- Dry white wine is a wine to drink. Some good choices are Chenin Blanc, Dry Vermouth, Muscadet, Pinot Blanc, Pinot Grigio, Sauvignon Blanc, and Viognier.
- For a non-alcoholic option, replace the wine with milk and add 2 to 3 tablespoons (30 to 45 ml) of lemon juice.
Step 3. Mix the acid with the thickener
Corn flour and starch are the most common choices. Add about 1 to 2 tablespoons (15 to 30 ml) of your chosen thickener for every 1 lb (450 ml) of cheese.
To continue, whisk the liquid and thickener over low heat on the stove. The liquid should be soft without lumps
Step 4. Combine the cheese and sour mixture on the stove
While you can melt cheese in your fondue pot, melting it on the stove will make it softer.
- Grate the cheese before you melt it. This will speed up the process.
- Add the cheese to the thickened liquid in your pan handful at a time, stirring each time you add. Do not let the cheese boil or smolder.
Step 5. Rub the fondue pot with garlic
Cut a clove of garlic in half and rub the visible inside around the bottom and sides of your fondue pot.
Rubbing garlic into the pot will add extra flavor and aroma to the fondue without creating an overpowering garlic taste
Step 6. Transfer the cheese to your fondue pot
Pour the cheese into your fondue pot, scraping the sides of your pan to get as much of the cheese liquid out as possible.
Light your fondue pot using alcohol or gel fuel
Step 7. Serve the fondue with a variety of foods
Cheese fondue goes well with a wide variety of foods, including diced bread, steamed cauliflower or broccoli, or french fries. You can also use fruit like apples or grapes.
- For fruit and vegetables, prepare 1 or 2 pieces of fruit per person.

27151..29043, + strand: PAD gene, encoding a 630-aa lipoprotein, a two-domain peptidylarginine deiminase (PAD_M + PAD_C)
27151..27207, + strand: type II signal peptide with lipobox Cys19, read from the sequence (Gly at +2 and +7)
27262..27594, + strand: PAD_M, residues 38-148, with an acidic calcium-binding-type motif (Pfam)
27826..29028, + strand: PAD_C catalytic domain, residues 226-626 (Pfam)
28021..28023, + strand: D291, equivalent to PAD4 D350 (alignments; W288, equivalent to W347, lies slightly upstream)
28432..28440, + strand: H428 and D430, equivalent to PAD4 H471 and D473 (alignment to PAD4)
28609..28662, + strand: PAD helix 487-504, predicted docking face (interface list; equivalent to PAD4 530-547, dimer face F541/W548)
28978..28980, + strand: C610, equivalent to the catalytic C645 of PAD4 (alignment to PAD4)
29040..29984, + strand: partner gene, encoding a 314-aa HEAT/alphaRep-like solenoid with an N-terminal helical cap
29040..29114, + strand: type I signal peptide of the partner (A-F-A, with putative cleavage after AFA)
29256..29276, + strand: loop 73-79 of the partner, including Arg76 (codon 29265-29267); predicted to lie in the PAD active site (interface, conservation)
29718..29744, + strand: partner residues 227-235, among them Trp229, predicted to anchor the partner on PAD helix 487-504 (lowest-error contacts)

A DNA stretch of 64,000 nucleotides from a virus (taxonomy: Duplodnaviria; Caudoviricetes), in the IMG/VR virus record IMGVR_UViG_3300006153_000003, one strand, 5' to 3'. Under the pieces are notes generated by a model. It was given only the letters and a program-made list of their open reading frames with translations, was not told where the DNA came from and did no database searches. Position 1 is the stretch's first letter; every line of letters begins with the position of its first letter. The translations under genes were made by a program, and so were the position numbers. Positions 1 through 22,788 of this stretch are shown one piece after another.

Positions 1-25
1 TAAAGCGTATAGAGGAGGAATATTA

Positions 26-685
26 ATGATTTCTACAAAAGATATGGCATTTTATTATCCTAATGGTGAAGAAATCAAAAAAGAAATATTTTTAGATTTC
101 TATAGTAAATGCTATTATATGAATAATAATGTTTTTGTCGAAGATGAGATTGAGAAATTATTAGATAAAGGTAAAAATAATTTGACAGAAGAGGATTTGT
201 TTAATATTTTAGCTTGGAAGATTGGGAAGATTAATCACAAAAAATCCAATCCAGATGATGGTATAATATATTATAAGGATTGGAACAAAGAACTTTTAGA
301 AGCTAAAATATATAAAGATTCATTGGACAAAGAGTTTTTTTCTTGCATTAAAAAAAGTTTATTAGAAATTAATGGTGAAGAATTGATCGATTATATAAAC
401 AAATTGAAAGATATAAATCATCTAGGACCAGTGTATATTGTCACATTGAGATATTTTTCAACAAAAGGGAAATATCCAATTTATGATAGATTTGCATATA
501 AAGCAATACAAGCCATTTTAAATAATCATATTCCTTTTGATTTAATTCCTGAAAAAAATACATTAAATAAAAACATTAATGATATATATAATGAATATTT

- For bread, prepare 2 or 3 servings of bread per person.
Method 3 of 4: Dessert fondue
Step 1. Choose your dessert fondue
Chocolate fondue is the most popular dessert option, but there are plenty of dessert options available, so you'll need to experiment to find a new favorite.
- Whatever dessert fondue you choose, you should prepare the fondue on the stovetop using a small saucepan before transferring it to your fondue pot.
- The fondue pot should be warm before you add the fondue to it.
- Once you've transferred the fondue to the pot, light your candle to keep it warm.
Step 2. Try the traditional chocolate fondue
Chocolate fondue is rich and creamy, so it feels like you can't go wrong when you use it.
- Bring cup (125 ml) of water to a boil in a small saucepan. Remove the water once it boils but do not drain the pot.
- Pour 1 1/4 cups (300 ml) heavy cream into the same saucepan and heat over medium heat for about 2 minutes, enough time to heat it up.
- Add 1/2 lb (250 grams) of dark chocolate pieces and 3.5 oz (100 grams) of milk chocolate pieces to the hot cream and stir until melted and creamy.
- Add 10 large marshmallows to the chocolate mixture and stir until melted.
Step 3. Mix the ingredients with the white chocolate fondue
White chocolate fondue can be a delicious treat for guests who love sweet treats.
- Heat half the water from a double boiler over medium heat. Let it boil slowly.
- Add 11 oz (310 grams) of white chocolate chunks to the top of the double boiler and mix with cup (60 ml) milk. Stir until melted.
- Transfer the fondue to your fondue pot.
Step 4. Prepare a caramel fondue
Caramel is another fondue favorite and is an excellent choice for guests who may not like chocolate.
- Combine 1 cup (250 ml) of evaporated milk, 2 cups (500 ml) white sugar, 4 tablespoons (60 ml) butter, and 4 tablespoons (60 ml) corn syrup in a small saucepan. Heat over medium heat, stirring frequently, until it boils.
- Let the mixture thicken as it simmers for 5 minutes before transferring it to your warm fondue pot.
Step 5. Serve the fondue with a variety of dipping options
Small pieces of fruit, cake, and bread are usually your best choices for dessert fondue. Prepare 1 to 2 pieces of fruit per person or 2 to 3 servings of cakes and breads per person.